News & Features

Kalispell Considers TIF District to Fund Downtown Development

City council will decide on Dec. 3 if it will adopt urban renewal plan

The Kalispell City Council is considering adopting an urban renewal plan that would help create a tax increment finance (TIF) district to fund improvements in the downtown area.

A public hearing was held on Nov. 19 to gather input on the Draft Downtown Kalispell Urban Renewal Plan that was produced by the planning department earlier this year. The city council will decide at its Dec. 3 meeting whether to adopt the plan.

If approved, the urban renewal plan would allow the city council to create a TIF district that would generate money to help build a new parking garage, widen sidewalks, improve water service and a number of other goals outlined in the plan.

The urban renewal plan came as a result of the Downtown Plan, a document that outlined the city council’s hopes for the core area of Kalispell and was adopted in December 2017. State law requires a community to adopt an urban renewal plan prior to implementing a TIF district.

The proposed TIF district would stretch from First Street south to the Flathead County Courthouse loop. On the north end, the district would encompass Third Avenue West to Third Avenue East. On the south end, it would only stretch from First Avenue West to First Avenue East.

A TIF district does not increase property taxes, but any new revenue generated by a property within the district would be set aside for improvements in the downtown area.

The urban renewal plan recommends seven specific improvements in the downtown area, mostly involving infrastructure. The plan calls for wider sidewalks and the restoration of a center turn lane on U.S. Highway 93 through downtown. The turn lane would allow drivers to make left turns at every intersection in downtown. The wider sidewalks would also allow for more landscape and street trees in the downtown area. Currently, there are four lanes of traffic on U.S. 93 but city officials would like to see that reduced to two.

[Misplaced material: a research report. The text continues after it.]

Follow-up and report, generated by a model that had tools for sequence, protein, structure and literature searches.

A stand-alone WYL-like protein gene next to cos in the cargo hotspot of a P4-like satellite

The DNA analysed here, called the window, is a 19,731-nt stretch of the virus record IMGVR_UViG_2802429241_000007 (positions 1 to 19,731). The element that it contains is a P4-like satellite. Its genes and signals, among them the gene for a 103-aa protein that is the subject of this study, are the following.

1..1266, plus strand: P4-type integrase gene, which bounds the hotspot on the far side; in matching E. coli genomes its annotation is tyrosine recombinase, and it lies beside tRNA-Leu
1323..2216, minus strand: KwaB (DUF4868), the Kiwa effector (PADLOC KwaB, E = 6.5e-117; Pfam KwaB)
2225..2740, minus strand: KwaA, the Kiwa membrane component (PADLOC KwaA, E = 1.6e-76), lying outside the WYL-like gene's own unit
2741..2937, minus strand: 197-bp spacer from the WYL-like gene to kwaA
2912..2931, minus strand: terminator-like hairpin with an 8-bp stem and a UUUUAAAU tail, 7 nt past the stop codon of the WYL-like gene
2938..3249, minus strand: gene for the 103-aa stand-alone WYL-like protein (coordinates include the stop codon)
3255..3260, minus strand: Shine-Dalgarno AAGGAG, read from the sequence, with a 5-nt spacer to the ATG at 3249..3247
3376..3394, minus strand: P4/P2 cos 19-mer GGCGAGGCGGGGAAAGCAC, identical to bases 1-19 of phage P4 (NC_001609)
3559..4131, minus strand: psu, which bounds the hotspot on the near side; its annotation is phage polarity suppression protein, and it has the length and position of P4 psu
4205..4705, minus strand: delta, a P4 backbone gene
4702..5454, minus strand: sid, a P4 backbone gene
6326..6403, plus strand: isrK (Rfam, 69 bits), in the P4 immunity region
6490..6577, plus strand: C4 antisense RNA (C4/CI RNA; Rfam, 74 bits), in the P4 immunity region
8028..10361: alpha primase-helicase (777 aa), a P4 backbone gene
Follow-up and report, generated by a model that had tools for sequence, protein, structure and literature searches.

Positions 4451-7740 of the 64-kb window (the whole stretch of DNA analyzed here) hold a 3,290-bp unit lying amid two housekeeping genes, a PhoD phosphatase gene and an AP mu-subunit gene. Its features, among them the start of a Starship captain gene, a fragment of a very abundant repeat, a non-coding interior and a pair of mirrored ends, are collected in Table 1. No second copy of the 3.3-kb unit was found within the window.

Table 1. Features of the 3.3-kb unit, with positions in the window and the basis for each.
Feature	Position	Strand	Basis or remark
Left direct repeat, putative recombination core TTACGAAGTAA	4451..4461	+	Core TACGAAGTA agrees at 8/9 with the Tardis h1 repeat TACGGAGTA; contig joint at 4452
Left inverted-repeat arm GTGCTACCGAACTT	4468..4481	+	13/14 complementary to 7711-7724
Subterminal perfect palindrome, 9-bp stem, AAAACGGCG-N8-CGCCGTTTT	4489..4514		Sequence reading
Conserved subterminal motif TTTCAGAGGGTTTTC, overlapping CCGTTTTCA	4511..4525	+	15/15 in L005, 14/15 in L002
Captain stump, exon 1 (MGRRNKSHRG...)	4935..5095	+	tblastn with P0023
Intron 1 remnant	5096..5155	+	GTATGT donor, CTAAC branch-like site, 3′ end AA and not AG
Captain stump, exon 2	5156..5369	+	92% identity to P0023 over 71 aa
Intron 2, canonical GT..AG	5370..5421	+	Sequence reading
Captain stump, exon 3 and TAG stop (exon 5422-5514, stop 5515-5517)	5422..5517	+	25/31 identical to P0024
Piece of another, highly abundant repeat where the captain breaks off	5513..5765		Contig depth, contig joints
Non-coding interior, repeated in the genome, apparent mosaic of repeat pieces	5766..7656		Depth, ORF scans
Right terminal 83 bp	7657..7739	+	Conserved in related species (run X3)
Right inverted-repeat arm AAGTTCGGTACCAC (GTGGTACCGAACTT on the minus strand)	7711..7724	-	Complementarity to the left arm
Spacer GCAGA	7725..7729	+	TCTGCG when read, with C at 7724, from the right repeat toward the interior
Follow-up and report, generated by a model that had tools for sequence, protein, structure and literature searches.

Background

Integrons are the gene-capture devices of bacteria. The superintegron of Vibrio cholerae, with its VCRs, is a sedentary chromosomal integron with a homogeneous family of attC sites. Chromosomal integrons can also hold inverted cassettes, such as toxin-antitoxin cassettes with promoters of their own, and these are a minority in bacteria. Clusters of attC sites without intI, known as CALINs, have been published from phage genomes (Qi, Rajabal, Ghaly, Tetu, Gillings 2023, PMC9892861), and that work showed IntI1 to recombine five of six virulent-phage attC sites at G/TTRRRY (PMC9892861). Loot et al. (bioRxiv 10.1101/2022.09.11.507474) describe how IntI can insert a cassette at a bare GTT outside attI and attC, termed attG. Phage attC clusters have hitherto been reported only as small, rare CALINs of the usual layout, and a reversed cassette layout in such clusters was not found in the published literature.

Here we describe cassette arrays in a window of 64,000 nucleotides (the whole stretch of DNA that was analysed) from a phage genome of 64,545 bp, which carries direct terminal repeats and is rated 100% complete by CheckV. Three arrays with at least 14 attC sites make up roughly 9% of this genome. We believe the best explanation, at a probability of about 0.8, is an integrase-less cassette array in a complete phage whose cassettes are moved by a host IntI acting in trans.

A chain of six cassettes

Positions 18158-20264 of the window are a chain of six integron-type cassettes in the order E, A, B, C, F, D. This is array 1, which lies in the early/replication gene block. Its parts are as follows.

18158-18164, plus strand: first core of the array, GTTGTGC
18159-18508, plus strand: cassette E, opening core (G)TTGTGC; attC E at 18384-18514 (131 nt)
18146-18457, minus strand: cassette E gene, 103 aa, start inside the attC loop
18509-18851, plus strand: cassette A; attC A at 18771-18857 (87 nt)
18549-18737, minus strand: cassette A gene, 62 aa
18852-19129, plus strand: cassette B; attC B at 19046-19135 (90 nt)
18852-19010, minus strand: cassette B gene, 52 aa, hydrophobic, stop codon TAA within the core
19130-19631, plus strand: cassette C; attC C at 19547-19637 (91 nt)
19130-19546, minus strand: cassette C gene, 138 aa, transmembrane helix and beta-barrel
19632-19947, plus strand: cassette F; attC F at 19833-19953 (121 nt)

Parking is another area the urban renewal plan calls on the city to address. Currently there is 140,000 square feet of underutilized space in the downtown area (including vacant or underutilized basement areas and second floors). If and when those areas are redeveloped or put to use, the need for parking in the downtown area will substantially increase. The plan calls for the construction of a new parking garage somewhere in the downtown area.

According to the renewal plan, one of the biggest needs in the downtown area is better water service. Currently, there is a water main underneath U.S. Highway 93 but it offers inadequate water pressure and is expensive to tap into.

Lastly, the urban renewal plan calls for TIF funds to be spent on helping property owners redevelop old buildings while maintaining their historic character.

During the Nov. 19 public hearing, four people spoke in favor of improvements to the downtown area, including Pam Carbonari of the Downtown Business Improvement Board.

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